I once knew a girl who rode her bike around the block because she wasn’t allowed to cross the street, that would eat ice cream sandwiches with the paper on them and—if she was in a really good mood—would throw on a purple mini-bikini and run through the sprinkler.
Her name was Jillian Dafotis. She lived down the street from me and I fell in love with her when I was in fourth grade. I know that being nine years old may seem kinda young to be in love, but these things started happening early for me—especially after watching that episode of The Wonder Years when Kevin Arnold French kisses Winnie Cooper in the janitor’s closet. I don’t really know how it happened, all I know is that sometime before Martin Luther King Jr. Day in fourth grade, Jillian Dafotis creeped into part of my brain that was usually occupied by comic books and my older brother’s Super Nintendo. She made me feel happy like they did, and warm too; like the time I spilled hot chocolate on my stomach after sledding last winter.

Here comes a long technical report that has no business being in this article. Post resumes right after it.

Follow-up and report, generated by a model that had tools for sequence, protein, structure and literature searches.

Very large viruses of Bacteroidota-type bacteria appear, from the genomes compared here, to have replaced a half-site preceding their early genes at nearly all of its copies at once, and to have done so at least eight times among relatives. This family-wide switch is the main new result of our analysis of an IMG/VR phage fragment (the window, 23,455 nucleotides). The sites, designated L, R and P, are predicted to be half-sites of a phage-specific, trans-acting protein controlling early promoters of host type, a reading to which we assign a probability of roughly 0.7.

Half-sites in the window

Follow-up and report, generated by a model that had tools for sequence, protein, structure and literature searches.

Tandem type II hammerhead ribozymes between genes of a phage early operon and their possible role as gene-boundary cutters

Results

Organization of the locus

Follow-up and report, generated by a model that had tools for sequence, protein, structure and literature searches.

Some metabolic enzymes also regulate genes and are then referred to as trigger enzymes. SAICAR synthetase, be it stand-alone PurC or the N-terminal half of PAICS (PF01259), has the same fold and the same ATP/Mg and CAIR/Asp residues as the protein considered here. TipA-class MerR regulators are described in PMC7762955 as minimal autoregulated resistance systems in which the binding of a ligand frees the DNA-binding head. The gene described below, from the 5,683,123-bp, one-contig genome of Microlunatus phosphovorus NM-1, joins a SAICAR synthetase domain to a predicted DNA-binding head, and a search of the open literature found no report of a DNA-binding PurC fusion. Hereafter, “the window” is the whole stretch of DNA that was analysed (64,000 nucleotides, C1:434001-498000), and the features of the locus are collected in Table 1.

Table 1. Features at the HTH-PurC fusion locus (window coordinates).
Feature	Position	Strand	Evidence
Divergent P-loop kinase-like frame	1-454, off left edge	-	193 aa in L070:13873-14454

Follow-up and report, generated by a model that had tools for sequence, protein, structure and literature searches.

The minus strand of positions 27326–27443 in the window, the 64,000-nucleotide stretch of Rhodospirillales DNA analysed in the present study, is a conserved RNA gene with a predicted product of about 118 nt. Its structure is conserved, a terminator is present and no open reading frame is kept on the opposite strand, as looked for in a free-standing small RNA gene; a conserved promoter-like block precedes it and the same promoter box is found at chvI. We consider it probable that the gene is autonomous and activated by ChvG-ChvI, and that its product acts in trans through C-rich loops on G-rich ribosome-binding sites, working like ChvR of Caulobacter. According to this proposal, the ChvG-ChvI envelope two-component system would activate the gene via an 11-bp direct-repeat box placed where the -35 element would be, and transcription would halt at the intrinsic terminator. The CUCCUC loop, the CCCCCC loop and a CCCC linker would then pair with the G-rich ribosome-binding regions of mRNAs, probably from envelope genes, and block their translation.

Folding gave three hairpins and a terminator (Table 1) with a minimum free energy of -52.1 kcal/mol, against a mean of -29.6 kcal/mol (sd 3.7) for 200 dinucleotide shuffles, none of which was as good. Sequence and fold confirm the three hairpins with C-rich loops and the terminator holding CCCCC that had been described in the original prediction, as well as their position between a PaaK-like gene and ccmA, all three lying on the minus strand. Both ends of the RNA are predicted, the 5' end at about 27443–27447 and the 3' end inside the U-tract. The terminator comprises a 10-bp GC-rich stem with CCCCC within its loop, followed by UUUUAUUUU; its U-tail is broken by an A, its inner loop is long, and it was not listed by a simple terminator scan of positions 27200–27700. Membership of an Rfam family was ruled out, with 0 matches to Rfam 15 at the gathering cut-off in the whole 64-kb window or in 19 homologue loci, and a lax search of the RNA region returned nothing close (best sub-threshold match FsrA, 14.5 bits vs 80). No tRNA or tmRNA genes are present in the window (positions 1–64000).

Jillian was by far the prettiest girl in Mrs. Linga’s homeroom class. Joffrey, the kid with the funny name and goofy glasses who sat in the front of the class, said so once. Even back then she was small and perfect. Her hair was blonde and was always combed nicely and shiny; it looked like someone’s hair in a shampoo commercial. And she didn’t wear one of those silly sports team jackets that were baggy and scratchy like everyone else. She had a real coat, one with two stripes of big, shiny buttons down the front, that was soft and a shade of green I’d never seen before (it was sort of like pea soup, but different). She also didn’t listen to whatever was big on MTV; her favorite band was the Beatles. And George was her favorite instead of John or Paul like everyone else. There were rumors that she wore lipstick but it wasn’t true—she did use cherry Chapstick but only because she liked the taste of it. And I didn’t know exactly why, but I wanted to lick her.